Live sheep on a boat© Tim Scrivener

More than 50 MPs have taken part in a reception at the House of Commons calling for an end to live animal exports for slaughter.

The event, which took place on Monday (29 January), was hosted by Craig Mackinlay, the Conservative MP for South Thanet, which includes Ramsgate port where live animal exports are shipped from to other parts of the world.

It took place ahead of a second reading of a Private Member’s Bill in parliament on 2 February, which seeks to remove the obstacle in UK law which prevents local authorities from banning live animal exports for slaughter.

See also: MPs to debate petition seeking live animal exports ban

Mr Mackinlay said: “The pressure that I and other colleagues are bringing to bear on the government to finally put a stop to this barbaric practice once we leave the jurisdiction of the EU will hopefully be reflected in a future Agriculture Bill that will set out the framework of post-Brexit farming.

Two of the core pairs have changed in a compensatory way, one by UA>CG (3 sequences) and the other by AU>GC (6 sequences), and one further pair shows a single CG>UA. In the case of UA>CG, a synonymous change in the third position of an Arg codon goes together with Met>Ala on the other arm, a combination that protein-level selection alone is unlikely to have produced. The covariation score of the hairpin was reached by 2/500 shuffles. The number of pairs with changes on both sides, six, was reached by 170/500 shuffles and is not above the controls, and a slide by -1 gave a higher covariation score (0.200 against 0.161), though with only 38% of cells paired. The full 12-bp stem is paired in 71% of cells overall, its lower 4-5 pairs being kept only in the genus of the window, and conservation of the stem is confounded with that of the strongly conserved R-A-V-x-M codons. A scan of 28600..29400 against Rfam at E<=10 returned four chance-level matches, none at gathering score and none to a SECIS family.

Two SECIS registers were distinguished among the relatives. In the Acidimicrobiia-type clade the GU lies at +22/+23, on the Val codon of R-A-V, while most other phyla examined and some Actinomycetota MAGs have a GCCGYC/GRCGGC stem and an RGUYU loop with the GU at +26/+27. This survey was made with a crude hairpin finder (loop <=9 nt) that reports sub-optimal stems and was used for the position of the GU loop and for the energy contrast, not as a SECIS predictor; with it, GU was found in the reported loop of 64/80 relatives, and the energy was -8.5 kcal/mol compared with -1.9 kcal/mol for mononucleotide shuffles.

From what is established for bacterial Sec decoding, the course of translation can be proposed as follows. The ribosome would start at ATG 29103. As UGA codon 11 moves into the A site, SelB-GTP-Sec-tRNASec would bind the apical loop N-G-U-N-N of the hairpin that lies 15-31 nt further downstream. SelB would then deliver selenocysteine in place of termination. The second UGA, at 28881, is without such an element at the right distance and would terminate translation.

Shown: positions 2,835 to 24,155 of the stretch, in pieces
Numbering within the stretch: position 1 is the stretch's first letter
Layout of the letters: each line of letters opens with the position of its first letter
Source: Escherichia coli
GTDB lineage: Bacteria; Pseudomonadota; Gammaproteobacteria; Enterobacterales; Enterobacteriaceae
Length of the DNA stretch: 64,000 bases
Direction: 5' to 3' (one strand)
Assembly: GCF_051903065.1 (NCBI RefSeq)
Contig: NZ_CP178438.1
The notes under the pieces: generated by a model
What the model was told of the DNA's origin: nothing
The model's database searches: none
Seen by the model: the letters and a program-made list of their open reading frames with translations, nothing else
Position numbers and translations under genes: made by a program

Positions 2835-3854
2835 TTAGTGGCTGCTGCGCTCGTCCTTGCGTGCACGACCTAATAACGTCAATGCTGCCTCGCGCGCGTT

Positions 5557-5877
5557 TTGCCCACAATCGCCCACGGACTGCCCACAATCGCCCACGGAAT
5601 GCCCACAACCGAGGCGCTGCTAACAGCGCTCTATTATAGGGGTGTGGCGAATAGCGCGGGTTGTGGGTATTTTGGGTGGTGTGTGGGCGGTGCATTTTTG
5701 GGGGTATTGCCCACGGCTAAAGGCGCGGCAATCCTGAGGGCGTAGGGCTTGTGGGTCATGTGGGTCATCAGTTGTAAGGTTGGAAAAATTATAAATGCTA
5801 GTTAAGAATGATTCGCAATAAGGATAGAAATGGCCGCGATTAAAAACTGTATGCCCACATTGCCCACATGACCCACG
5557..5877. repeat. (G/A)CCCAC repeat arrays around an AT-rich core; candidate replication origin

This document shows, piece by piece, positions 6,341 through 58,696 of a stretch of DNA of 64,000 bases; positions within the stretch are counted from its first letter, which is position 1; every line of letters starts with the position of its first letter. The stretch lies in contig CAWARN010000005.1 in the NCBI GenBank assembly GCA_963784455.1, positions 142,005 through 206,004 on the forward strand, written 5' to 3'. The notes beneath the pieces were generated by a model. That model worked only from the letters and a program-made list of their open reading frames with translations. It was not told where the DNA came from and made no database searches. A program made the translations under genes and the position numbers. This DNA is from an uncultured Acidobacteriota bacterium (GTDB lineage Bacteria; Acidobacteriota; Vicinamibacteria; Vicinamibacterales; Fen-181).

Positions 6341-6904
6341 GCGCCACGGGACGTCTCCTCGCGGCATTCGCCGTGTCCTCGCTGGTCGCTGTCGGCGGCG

“On this issue, I will not stop until we are successful.”

Ban ‘completely unworkable’

But the Ulster Farmers’ Union (UFU) says banning live exports would be “completely unworkable” for the farming industry.

The live export of cattle and sheep forms an integral part of the Northern Ireland livestock sector, injecting in excess of £70m/year into local farm businesses.

More than 50,000 cattle and 500,000 sheep are exported live annually for further production or slaughter in other regions of the UK and to EU member states such as the Republic of Ireland and Spain.

“To prohibit or heavily restrict live exports will badly damage primary production in Northern Ireland,” said UFU president Barclay Bell.

“It will be detrimental to all hopes of having a holistic local livestock sector that can deliver for the economy, environment and rural communities.”

Gove: Restrict live exports

Defra secretary Michael Gove spoke out in support of restricting live exports of animals for slaughter at last year’s Conservative Party Conference. It is part of the government’s plan to deliver “world-leading standards on animal welfare”.

The event on Monday was hosted by the Stop Live Exports Petition Team, the Conservative Animal Welfare Foundation and Compassion in World Farming. It included the RSPCA, Kent Action Against Live Exports, Eyes On Animals and celebrity supporters Selina Scott, Joanna Lumley, Jan Leeming, Frederick Forsyth, Stanley Johnson and Ranulph Fiennes.

A Westminster Hall debate on the issue is scheduled to take place on 26 February, which has been secured after a petition started by Janet Darlison, a pensioner from Romford, gained more than 62,000 signatures.